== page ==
At some stage, however, the passage was placed in another context, namely Pesach, the Seder and the story of the Exodus. The Mishnah specifies that it be read and expounded on Seder night. Almost certainly the reason is that same (relatively rare) verb h-g-d, from which the word Haggadah is derived, occurs both in connection with telling the story of Pesach (Shemot 13:8), and making the first-fruits declaration (Dev. 26:3).

But the reading of the verse found in the Haggadah is not easy. The words aram and oved are radically reinterpreted.

How can we read Lavan into the phrase, Arami oved avi, “A wandering Aramean was my father”? Answer: only Lavan and Lavan’s father Betuel are called Arami or ha-Arami in the whole Torah. Therefore Arami means “Lavan.”

How do we know that he sought to do Yaakov harm? Because God appeared to him at night and said “Beware of attempting anything with Yaakov, good or bad.” God would not have warned Lavan against doing anything to Yaakov, had Lavan not intended to do so.

How can we read this into the verse? Because the root a-v-d, which means “lost, wandering,” might also, in the piel or hiphil grammatical tenses, mean, “to destroy.” Of course, Lavan did not destroy “my father” or anyone else. But that was because of Divine intervention. Hence the phrase could be taken to mean, “[Lavan] the Aramean [tried to] destroy my father.” This is how Rashi understands it.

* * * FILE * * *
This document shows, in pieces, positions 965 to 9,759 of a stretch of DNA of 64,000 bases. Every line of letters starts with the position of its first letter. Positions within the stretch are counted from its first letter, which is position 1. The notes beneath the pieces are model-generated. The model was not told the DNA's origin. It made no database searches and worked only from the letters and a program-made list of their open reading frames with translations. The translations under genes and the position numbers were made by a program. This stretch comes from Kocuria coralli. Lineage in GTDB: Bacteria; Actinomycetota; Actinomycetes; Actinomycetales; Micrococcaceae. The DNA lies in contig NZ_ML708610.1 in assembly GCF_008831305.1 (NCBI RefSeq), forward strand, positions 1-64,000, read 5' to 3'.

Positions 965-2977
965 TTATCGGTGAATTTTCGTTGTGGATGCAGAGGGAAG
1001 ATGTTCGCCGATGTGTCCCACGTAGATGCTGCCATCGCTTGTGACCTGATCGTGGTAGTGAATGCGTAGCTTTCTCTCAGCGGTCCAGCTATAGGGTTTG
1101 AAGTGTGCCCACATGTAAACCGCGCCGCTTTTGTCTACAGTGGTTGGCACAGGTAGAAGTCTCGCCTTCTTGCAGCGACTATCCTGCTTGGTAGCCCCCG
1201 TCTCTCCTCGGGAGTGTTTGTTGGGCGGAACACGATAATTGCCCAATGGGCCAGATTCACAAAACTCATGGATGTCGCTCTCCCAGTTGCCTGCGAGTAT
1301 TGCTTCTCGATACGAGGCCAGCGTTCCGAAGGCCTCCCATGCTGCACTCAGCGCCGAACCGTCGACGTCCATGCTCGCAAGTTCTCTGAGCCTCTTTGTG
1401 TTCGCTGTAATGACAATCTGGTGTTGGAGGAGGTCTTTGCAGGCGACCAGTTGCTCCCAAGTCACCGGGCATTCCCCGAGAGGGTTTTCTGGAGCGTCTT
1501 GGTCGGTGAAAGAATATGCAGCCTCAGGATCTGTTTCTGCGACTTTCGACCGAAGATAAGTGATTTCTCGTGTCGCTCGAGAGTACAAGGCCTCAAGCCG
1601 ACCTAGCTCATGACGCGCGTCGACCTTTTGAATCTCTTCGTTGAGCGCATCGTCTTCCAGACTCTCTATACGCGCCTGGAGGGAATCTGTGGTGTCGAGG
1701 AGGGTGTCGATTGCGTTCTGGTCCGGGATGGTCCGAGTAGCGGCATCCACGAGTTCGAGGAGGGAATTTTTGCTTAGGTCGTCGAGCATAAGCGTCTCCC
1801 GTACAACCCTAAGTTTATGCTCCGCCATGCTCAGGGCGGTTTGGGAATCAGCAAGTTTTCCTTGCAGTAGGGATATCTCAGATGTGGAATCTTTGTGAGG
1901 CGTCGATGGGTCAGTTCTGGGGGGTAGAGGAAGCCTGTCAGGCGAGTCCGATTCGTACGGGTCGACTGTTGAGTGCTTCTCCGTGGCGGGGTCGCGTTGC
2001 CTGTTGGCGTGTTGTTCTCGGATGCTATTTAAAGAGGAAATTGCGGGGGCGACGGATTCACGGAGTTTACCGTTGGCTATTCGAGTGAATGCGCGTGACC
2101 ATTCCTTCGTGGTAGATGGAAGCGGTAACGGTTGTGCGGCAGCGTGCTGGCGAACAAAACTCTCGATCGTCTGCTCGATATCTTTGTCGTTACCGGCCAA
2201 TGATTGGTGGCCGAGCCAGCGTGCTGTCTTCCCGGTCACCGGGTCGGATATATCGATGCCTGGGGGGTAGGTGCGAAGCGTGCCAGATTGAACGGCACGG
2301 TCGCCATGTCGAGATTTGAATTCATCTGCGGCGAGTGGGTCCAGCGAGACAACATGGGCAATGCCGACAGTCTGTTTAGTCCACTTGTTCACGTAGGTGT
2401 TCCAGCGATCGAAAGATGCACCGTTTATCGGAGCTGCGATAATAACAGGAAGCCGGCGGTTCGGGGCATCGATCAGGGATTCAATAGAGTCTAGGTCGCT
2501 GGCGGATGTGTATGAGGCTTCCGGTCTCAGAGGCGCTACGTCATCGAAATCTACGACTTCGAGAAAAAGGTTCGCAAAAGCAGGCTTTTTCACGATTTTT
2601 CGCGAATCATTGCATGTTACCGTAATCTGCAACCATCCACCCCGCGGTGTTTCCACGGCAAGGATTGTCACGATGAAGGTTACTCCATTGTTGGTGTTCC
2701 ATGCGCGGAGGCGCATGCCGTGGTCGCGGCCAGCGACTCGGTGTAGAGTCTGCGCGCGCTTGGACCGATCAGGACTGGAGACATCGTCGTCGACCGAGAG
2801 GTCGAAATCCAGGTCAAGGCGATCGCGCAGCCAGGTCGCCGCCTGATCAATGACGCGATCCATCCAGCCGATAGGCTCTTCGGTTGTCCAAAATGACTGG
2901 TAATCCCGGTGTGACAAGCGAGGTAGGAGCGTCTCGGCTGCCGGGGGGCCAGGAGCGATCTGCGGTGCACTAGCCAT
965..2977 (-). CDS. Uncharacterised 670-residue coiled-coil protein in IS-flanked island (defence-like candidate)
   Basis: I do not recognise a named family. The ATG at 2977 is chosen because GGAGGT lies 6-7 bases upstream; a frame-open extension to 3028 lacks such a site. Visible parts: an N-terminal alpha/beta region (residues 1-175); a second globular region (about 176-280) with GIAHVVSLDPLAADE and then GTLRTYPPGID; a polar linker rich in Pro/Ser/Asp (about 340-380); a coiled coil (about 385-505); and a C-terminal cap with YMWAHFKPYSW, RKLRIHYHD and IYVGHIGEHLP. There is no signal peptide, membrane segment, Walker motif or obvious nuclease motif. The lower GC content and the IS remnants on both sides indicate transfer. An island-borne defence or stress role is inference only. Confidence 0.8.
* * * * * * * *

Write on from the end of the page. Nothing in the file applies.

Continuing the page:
What then are we to make of the phrase, “Pharaoh condemned only the boys to death, but Lavan sought to uproot everything”? The answer is not that Lavan sought to kill all the members of Yaakov’s family. Quite the opposite. He said to Yaakov: “The women are my daughters, the children are my children, and the flocks are my flocks. All you see is mine” (Ber. 31:43). Yaakov had worked for some twenty years to earn his family and flocks. Yet Lavan still claimed they were his own. Had God not intervened, he would have kept Yaakov’s entire family as prisoners. That is how he “sought to uproot everything” by denying them all the chance to go free.